The Loud, Overwhelming World of Misophonia

misophonia overwhelming

For those that don’t know, Misophonia is (most-likely) a neurologically based disorder that causes an aversive reaction to audial and visual stimuli. In laymen’s terms this means that noises like tapping, whistling, crunching and chewing can cause a fight/flight/freeze reaction. There is no cure or treatment.

A disorder callously dubbed “Sound Rage” by media, misophonia has received marginal attention. Most stories follow a similar rhetoric. A person is so “enraged” by sounds that their normal day-to-day life is impaired. A special focus has been on “chewing rage.” Media has marveled at the thought of an apple, popcorn, or crunchy food causing a severe aversive reaction. Reporters are not entirely to blame for this. Sufferers can become confused too. This can be attributed to information that has circulated and not been vetted. It could even be attributed to the name itself, meaning “hatred of sound.”

Though, we don’t really hate sound. Actually, some of us may be bothered by sensations entirely out of the realm of auditory. But, spreading like wild-fire, the concept of “sound rage” has mesmerized the curious, and added more paralysis to an advocacy world already crippled by lack of public tolerance and belief. As an advocate, I feel it is part of my job to help people to understand the disorder. I do not necessarily blame the media or the public for their lack of understanding ― after all, science is only beginning to understand the condition.

Sufferers of Misophonia (which may be overlapped with SPD SOR (sensory over-responsivity), commonly report several “triggers” that have nothing to do with sound. In fact, most of the senses seem to be incorporated. Second to auditory stimuli, visuals have been reported as highly intolerable. This could be swaying motions, tapping (even without sound), or legs shaking. While some of these may have a sound attribution, it is not necessarily always the case. While there may be more senses involved, the following are widely reported.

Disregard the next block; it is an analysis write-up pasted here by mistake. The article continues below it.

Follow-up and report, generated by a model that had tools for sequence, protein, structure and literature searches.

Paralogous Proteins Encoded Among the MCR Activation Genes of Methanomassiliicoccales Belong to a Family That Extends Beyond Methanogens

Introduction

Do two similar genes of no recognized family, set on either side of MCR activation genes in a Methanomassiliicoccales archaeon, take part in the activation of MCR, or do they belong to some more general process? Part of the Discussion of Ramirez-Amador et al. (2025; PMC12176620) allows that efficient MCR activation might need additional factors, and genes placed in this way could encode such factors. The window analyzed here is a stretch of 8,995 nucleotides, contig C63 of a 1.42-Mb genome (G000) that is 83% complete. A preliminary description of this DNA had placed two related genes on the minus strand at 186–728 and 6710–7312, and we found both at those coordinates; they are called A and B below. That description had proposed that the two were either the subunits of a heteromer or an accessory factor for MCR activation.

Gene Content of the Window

Sound: Sound triggers are widespread and often repetitive. Tapping, chewing, breathing, coughing, snoring, clicking, jingling, sirens are all common triggers.

Visual: Can be related to sounds, but not always. Tapping, swaying, leg bouncing, foot shaking.

Touch: Often under-reported, touch symptoms can feel almost creepy crawly. Synthetic fibers, nylon, denim, wet fabrics, porous materials, and often velvet.

Smell: May be mistaken for “scent allergies,” scent triggers commonly cause a headache or nausea. Often brought on by chemical-products like perfume, Axe body spray, cleaners, fabric softeners, lavender, but they can also include natural products.

When living with a sensory disorder, especially misophonia, there is a lot more to worry about than just sounds. While the sounds (and visuals) are most life-altering, that does not mean that the other symptoms are not important. An over abundance of these triggers has been known to cause migraines, fatigue, and nausea. The sensory system is a delicate balance, that few aside from occupational therapists understand. Susan Nesbit, OT, advises persons with misophonia, “When possible, modify your environment to reduce the frequency  (number), the intensity (strength), and the duration (length of time) of the triggers. Modifying the environment is helpful for persons with misophonia and/or SPD.”

Education is the most powerful tool when it comes to understanding sensory disorders like misophonia. More research is needed, and especially, more understanding. As the scientific community becomes more aware of the sensory world, it is important that advocates are reaching out and bridging the gap in understanding. Misophonia is not only NOT sound rage, it is much more encompassing.


Misophonia is the rope that binds me.


You hold me back and toss me into a dark basement. You have kidnapped me and you continue to hold me. There is no Stockholm Syndrome. If I could escape you I would never come back. I would not wish for this on my worst enemy.